In just over two months, the BBC will be celebrating the 50th anniversary of Doctor Who with a one-off special, Doctor Who: The Day of the Doctor, and the anticipation has naturally been buzzing for months around the special event.
The 75-minute episode will air on BBC One, BBC America, and around the world on November 23rd, and commemorating fifty years of what has grown to become a cultural landmark, as Steven Moffat describes it in the broadcaster’s full press release below.
As the programme draws ever clear, a new poster has been revealed for The Day of the Doctor, along with a slew of programming around the episode to celebrate the milestone.
The episode will be the penultimate to star the current Doctor, Matt Smith, who will be exiting the programme with the Christmas episode. Peter Capaldi was announced last month as his replacement, coming on board to become the twelfth Doctor in the long-running series.
Smith will not be alone for the special event in November, with the poster below teasing David Tennant standing tall alongside him over John Hurt. Hurt played the ‘dark Doctor’ in the final episode of the seventh season earlier this year, and he’ll be reprising his role in the feature-length episode.
Jenna Coleman, who plays Clara Oswald in the show and is the current companion for the Doctor, will also be starring in the special episode, with Billie Piper set to reprise her role as past companion Rose Tyler.
50 YEARS OF DOCTOR WHO CULMINATING IN ‘THE DAY OF THE DOCTOR’
The countdown starts here as the BBC reveals its plans to take over TV and radio to mark the Doctor’s 50th anniversary
With special programmes planned across the BBC the celebrations will peak on 23 November with the anniversary episode, revealed as ‘The Day of the Doctor’. Starring Matt Smith, David Tennant, Jenna Coleman with Billie Piper and John Hurt, the special for BBC One has been confirmed as feature length with 75 minutes of adventure.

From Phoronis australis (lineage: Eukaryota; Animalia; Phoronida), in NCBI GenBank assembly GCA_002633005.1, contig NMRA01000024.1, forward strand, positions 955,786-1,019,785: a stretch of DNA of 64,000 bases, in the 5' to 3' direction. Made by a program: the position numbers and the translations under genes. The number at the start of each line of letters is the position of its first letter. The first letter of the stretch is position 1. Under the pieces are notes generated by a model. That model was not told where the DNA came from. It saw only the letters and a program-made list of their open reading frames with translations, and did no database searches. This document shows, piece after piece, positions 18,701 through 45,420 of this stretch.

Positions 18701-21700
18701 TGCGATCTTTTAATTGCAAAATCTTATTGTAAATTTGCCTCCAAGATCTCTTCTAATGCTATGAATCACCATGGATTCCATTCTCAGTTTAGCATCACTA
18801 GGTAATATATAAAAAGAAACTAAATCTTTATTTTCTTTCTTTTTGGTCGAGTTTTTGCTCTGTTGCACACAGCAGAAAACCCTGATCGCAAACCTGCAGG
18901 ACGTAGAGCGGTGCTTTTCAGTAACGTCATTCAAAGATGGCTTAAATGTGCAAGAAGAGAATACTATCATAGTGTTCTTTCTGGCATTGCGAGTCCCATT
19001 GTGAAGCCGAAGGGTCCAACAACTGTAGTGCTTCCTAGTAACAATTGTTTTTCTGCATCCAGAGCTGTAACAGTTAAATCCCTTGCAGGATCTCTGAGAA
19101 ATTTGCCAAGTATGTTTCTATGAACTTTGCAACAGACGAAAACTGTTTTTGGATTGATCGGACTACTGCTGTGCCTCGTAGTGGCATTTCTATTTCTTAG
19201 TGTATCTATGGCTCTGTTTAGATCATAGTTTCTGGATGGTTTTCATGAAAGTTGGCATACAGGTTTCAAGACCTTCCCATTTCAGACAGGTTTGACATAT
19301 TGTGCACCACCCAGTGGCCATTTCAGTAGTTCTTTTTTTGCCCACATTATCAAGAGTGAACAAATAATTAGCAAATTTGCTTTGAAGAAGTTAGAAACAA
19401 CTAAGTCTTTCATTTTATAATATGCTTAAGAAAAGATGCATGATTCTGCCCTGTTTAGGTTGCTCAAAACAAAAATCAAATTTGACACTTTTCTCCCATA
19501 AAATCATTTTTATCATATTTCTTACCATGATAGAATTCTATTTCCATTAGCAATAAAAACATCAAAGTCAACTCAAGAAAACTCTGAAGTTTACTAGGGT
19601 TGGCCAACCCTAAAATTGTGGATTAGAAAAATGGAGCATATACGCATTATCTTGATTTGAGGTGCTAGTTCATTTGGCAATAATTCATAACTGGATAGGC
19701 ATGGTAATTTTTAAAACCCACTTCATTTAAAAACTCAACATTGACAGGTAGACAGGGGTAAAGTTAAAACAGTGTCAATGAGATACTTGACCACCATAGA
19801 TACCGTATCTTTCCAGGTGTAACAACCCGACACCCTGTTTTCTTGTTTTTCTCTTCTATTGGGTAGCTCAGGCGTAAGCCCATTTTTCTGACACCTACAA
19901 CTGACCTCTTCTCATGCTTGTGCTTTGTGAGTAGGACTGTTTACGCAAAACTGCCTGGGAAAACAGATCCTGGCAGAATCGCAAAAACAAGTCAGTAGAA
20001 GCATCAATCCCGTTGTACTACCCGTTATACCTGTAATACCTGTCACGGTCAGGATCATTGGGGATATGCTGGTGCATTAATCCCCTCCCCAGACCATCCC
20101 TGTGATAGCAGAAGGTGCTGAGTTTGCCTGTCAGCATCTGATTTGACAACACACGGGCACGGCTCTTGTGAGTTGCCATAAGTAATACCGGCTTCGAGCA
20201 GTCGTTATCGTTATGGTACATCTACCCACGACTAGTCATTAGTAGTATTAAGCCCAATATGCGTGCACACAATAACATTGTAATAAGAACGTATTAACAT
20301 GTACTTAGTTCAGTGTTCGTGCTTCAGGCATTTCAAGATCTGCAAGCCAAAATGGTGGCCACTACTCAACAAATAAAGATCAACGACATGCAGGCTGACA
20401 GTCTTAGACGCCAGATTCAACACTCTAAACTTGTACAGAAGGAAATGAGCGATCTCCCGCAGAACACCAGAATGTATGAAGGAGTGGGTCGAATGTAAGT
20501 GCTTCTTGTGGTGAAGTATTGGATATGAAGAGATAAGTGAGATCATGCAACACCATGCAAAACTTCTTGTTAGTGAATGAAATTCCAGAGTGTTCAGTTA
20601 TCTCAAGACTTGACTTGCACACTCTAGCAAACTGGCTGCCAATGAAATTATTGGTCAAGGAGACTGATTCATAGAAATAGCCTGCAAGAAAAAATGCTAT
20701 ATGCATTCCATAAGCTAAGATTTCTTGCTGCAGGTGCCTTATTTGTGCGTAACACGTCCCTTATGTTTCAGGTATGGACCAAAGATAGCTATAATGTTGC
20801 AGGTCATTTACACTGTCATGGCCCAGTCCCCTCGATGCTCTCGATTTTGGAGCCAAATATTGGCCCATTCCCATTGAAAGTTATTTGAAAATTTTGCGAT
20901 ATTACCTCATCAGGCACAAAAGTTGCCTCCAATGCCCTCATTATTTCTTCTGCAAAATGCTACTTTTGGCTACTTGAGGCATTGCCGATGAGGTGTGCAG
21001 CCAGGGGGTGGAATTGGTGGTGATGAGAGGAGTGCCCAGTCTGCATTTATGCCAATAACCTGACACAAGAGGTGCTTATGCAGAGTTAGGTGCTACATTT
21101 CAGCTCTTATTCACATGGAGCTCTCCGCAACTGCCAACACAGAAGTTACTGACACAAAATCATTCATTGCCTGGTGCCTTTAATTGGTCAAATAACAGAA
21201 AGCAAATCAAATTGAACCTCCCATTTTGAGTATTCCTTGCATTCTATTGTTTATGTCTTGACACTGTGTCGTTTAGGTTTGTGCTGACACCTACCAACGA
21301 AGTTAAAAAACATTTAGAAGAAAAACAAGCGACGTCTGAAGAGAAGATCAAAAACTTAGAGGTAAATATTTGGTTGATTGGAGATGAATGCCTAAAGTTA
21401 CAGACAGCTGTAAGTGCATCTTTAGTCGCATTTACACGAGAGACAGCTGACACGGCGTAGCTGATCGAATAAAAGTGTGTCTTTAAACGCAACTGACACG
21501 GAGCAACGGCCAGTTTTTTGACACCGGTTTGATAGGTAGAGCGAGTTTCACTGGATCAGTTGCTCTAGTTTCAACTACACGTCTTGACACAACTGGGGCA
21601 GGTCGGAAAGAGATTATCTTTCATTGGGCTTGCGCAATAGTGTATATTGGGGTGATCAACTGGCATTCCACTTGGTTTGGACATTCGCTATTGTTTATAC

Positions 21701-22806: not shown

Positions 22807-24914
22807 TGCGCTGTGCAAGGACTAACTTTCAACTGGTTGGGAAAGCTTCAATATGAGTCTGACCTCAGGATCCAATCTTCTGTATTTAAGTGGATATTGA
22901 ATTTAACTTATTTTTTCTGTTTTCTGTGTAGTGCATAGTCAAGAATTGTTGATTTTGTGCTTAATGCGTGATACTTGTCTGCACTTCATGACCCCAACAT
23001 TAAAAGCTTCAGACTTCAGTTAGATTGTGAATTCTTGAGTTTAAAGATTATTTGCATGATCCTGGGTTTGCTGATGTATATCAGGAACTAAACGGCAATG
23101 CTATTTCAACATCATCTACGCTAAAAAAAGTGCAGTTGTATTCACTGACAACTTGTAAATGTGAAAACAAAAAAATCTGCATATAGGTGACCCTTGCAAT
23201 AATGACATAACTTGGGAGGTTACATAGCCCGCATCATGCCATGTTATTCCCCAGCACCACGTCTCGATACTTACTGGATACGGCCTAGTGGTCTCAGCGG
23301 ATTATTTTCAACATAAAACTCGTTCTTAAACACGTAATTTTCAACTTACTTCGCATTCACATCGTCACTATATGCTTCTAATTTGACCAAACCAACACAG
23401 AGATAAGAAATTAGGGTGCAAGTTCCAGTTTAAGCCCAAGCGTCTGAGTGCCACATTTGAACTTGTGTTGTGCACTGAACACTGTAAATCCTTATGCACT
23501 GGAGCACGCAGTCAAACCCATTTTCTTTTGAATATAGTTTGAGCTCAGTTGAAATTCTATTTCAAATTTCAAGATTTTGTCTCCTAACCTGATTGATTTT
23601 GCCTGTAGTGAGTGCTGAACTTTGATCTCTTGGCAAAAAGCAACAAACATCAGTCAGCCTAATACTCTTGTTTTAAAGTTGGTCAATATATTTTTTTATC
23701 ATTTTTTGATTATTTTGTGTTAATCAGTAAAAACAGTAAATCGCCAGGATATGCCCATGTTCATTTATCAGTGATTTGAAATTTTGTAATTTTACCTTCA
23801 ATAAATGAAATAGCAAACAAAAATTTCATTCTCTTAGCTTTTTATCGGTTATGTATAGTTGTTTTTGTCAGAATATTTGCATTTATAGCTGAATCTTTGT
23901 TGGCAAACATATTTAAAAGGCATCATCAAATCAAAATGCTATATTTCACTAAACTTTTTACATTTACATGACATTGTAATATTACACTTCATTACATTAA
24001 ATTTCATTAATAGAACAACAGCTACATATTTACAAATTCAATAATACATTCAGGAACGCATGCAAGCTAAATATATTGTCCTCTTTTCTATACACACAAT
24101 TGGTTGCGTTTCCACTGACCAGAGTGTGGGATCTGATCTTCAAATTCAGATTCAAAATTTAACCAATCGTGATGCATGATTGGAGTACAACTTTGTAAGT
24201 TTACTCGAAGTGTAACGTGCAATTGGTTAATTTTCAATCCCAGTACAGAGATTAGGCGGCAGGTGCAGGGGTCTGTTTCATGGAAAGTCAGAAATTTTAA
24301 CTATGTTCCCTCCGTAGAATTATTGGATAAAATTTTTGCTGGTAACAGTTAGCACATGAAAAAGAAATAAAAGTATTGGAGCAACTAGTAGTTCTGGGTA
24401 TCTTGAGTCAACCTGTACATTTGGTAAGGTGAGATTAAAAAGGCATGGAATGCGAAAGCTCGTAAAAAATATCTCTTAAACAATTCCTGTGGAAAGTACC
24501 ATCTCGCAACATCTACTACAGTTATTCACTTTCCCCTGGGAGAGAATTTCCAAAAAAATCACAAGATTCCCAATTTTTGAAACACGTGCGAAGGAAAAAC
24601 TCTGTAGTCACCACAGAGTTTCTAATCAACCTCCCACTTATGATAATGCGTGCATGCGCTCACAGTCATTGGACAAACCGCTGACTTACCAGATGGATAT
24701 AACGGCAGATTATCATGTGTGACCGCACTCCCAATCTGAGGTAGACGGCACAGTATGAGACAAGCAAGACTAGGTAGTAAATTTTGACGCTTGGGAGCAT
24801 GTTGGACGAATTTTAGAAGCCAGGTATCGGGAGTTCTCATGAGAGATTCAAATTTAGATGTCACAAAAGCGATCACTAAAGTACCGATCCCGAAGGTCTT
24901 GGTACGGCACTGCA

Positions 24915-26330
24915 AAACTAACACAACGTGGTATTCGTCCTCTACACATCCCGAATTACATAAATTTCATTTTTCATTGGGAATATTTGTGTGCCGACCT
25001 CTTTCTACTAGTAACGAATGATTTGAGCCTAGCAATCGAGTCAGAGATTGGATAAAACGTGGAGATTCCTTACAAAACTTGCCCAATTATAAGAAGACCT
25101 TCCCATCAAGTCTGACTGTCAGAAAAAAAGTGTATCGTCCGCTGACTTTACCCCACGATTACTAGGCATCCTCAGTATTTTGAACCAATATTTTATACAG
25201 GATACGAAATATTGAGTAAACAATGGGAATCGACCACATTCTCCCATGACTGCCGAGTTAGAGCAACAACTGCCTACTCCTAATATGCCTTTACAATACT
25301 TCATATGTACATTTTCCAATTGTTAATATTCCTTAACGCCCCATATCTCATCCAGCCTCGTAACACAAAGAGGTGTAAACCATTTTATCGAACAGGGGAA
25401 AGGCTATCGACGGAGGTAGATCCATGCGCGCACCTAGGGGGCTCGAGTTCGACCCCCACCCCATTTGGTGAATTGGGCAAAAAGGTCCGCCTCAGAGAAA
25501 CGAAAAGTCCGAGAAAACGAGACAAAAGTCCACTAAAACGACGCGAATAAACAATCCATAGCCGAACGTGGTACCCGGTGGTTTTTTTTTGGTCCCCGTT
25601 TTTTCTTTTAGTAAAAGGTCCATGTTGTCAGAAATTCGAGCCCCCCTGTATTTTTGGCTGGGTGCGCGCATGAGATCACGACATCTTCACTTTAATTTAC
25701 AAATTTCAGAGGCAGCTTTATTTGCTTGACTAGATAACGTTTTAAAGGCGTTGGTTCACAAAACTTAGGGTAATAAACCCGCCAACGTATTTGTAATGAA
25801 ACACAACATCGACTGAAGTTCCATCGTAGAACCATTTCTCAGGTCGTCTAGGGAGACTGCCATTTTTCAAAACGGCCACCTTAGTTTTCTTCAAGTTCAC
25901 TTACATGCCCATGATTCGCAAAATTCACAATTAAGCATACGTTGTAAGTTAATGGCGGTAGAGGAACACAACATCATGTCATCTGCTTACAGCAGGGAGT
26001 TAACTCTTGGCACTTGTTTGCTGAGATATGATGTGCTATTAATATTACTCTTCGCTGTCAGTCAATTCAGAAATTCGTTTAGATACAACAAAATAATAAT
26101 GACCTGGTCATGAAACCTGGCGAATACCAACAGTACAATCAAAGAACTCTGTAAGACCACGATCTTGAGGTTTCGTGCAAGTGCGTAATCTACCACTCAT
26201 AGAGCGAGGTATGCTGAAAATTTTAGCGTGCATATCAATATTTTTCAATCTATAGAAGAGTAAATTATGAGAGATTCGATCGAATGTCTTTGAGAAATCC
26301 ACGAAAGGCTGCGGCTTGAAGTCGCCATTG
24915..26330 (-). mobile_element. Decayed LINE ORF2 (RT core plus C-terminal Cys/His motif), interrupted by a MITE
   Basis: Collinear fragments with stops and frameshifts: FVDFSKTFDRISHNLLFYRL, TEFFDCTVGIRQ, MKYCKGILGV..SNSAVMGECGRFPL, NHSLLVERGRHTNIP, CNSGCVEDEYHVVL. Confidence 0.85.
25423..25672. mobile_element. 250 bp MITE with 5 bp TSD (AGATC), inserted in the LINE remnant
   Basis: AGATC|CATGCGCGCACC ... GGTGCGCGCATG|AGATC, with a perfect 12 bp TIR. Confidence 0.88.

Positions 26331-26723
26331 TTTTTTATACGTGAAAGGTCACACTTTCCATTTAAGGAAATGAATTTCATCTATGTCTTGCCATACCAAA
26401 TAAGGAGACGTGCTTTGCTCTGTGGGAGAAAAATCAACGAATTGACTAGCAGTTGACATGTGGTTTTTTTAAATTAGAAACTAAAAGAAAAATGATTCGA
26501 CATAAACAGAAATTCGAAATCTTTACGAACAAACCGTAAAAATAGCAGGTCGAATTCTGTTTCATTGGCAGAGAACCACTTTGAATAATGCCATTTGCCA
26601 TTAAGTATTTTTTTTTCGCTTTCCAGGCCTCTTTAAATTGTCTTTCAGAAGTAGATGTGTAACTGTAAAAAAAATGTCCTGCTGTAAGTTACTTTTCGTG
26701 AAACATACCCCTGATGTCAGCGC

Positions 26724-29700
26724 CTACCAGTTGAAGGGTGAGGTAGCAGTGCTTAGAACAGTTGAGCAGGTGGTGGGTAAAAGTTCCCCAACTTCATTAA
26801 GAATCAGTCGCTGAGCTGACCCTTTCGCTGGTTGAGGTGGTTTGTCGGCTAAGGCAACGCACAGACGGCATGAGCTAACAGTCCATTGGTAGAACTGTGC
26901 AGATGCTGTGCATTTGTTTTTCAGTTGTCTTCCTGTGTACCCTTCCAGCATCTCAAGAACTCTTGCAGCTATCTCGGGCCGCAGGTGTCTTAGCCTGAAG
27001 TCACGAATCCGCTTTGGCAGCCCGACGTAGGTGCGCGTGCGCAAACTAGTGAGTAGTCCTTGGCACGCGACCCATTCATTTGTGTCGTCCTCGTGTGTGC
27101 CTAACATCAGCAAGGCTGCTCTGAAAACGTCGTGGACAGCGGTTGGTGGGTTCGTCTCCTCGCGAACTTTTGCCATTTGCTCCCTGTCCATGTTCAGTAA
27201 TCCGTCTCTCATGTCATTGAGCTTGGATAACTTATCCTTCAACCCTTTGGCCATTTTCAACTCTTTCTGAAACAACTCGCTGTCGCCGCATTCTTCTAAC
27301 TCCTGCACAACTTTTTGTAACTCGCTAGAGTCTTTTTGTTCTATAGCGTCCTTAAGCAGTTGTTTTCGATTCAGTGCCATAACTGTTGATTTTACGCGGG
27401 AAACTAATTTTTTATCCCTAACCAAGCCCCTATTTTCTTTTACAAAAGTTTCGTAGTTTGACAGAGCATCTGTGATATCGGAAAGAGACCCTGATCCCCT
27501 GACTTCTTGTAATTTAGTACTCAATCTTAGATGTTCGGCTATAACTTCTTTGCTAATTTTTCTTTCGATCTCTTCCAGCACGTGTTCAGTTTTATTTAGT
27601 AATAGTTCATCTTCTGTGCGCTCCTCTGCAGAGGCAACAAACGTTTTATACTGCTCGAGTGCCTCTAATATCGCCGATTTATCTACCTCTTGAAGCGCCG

Matt Smith, who plays the Doctor, said:
“The Day of the Doctor is nearly here! Hope you all enjoy. There’s lots more coming your way, as the countdown to the 50th begins now.”
Each channel will be home to unique content, celebrating the wealth of history and talent from the last 50 years.
BBC Two will broadcast a number of new commissions, focusing on telling the story behind the show. For one night only, Professor Brian Cox will take an audience of celebrity guests and members of the public on a journey into the wonderful universe of the Doctor, from the lecture hall of the Royal Institution of Great Britain (1x60mins). Drawing on the latest theories as well as 200 years of scientific discoveries and the genius of Einstein, Brian tries to answer the classic questions raised by the Doctor – can you really travel in time? Does extra-terrestrial life exist in our galaxy? And how do you build something as fantastical as the TARDIS?
In an hour-long special, BBC Two’s flagship arts programme The Culture Show presents ‘Me, You and Doctor Who’ (1x60mins), with lifelong fan Matthew Sweet exploring the cultural significance of the BBC’s longest running TV drama, arguing that it’s one of the most important cultural artefacts of modern Britain. Put simply, Doctor Who matters. He’ll examine how the show has become a cultural force in its own right and tell the stories of some of the unsung cultural heroes, who pioneered its innovative music, design and storytelling.
BBC Two wraps up its coverage with the previously announced ‘An Adventure in Space and Time’ (1x90mins), which will tell the story of the genesis of Doctor Who and the many personalities involved. Written by Mark Gatiss the drama stars; David Bradley (the Harry Potter films); Brian Cox (The Bourne Supremacy, The Bourne Identity), Jessica Raine (Call the Midwife) and Sacha Dhawan (History Boys, Last Tango in Halifax).